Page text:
As librarians we can see them coming a mile away. People with questions. They see something in our eyes and know we have the answer, or know where to find it. We're mistaken for clerks in stores, hosts at parties, and librarians in other libraries. No wonder librarianship is often described as more of a calling than a job.
"Library people develop a generally benign facial expression for the workplace which they keep on all day." says library educator Karen Olcen. Our dispositions indicate a willingness to help and not ridicule, and perhaps to even find the elusive Answer. As a result, we often do information work in our off hours, either as volunteers or as ready reference for friends and relatives.
This sort of On The Fly reference is at once familiar and foreign. Many of us reach instinctively for the keyboard that isn't there, or wish that we were back with our books. Often we are working with or for non-librarians who have a different idea of the job to be done. Makeshift information desks are often added as an afterthought at large events, to keep the organizers free for more managerial tasks.
"I feel like a sort of information MacGyver", one librarian told me, "I have to try to answer questions only using the materials I have available"
I have frequently found myself doing On The Fly reference. I have worked at info desks at Seattle's Folklife Festival, the Direct Action network HQ during the WTO protests, and this year I staffed the Playa Info desk at Burning Man -- a seven-day outdoor music and art festival in the Nevada desert. Other librarians I have spoken to have worked at infoshop desks at demonstrations, written annotated bibliographies for musicians, done research for non-profit groups in their communities, and frequently acted as personal librarians for friends. As librarian Coco Halverson related to me "My cell phone will ring as I am eating dinner and my movie-industry pal might frantically ask 'Coco! Does an elk make noise? I'm doing sound effects and have a deadline of midnight!' Well certainly, let me just reach in my purse for the 13-volume set of Grzimek's Animal Life Encyclopedia!"
When I worked at Playa Info at Burning Man, I felt well-prepared. My ability to subtly queue people with a quick glance meaning "I see you, and you will be the third person I can speak with" amazed my colleagues. The top questions were, as expected "What time is it?" "Where are the bathrooms?" "What are the upcoming events?" However, the next tier of questions and concerns were all new to me "We're out of water and need to get some more, quickly" "I can't find my friends, can you help me?" "Is the nearest phone really twelve miles away?" [it was]. When we ran out of maps by the fifth day, everyone with a location question was either walked over to the one big map or taken outside and pointed in the proper direction. The most helpful reference tools we had were mini-maps, small circles of paper printed with the general street layout. We could put a big red dot where the person needed to go, hand it to them and off they'd go. I wore one of these maps on my outfit at all times to make sure people knew they were available.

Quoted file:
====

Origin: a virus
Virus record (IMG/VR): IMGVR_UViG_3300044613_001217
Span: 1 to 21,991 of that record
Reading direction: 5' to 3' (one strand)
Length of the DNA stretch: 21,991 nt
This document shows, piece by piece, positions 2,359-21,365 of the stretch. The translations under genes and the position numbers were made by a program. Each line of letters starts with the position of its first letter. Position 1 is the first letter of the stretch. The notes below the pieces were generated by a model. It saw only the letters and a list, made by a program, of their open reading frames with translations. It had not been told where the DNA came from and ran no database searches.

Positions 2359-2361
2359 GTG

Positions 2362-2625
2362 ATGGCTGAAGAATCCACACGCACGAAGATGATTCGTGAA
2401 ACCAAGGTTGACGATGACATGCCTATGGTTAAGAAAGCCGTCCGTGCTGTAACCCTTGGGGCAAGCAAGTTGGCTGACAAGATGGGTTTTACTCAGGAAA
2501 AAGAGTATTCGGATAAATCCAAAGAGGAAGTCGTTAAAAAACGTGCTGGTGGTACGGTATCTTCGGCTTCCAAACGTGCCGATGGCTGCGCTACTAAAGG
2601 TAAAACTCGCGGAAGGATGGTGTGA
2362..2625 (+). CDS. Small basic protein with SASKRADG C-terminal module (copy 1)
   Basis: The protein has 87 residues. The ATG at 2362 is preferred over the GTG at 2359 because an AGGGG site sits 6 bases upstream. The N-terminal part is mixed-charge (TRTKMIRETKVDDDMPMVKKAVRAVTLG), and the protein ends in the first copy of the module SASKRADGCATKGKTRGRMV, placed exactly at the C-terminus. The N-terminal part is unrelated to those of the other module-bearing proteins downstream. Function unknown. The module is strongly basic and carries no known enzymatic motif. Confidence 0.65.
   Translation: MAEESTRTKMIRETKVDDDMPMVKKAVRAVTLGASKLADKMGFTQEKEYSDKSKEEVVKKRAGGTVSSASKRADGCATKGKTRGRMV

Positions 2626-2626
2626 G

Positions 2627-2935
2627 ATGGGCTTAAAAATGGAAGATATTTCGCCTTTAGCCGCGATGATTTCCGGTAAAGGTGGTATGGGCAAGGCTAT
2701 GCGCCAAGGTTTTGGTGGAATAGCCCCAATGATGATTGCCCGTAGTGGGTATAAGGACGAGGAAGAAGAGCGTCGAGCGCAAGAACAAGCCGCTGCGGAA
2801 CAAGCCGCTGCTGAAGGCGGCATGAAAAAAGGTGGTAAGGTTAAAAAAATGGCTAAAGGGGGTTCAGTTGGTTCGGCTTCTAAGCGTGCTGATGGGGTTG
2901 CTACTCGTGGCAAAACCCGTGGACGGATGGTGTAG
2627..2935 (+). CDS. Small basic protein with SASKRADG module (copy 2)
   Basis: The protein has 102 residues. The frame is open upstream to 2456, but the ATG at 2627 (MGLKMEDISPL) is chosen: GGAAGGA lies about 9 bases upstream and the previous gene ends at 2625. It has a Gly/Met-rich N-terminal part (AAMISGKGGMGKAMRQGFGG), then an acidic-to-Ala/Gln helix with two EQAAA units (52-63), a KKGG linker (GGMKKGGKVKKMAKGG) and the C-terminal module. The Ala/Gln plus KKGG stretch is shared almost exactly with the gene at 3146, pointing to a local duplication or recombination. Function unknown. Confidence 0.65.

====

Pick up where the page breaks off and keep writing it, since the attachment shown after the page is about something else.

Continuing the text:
In the public library, we rarely, if ever, needed to answer questions that could immediately affect someone's health or welfare. At Burning Man, many of the questions we answered were in this vein. "I'm locked out of my car" "My dog is missing" "I'm out of my medication" Added to that the fact that many of the question askers were sunburnt, hungry, thirsty, tired, half-dressed or undressed, or under the influence of _something_, and our work was cut out for us. Conducting a reference interview with someone dressed in a fuzzy bunny outfit is a unique challenge. Similarly at the library you mostly deal in facts, not rumors and rumor control. At events, you become a voice of authority and may have to answer questions like "is it true that...?" and "who's in jail?" The editor of the local paper took to stopping by the info desk a few times a day just to find out what we'd heard. We talked to more people at the event in a single day than almost anyone else there. Making sure you have proper answers before you open your mouth becomes crucial. Once rumors could be verified or debunked, then we'd add that information to what was on hand, so that succeeding staffers had the straight scoop. My favorite rapidly spreading story was the one that involved Timothy Leary's ashes being burned up with the Man that year. Everyone knows they were shot into space in 1997.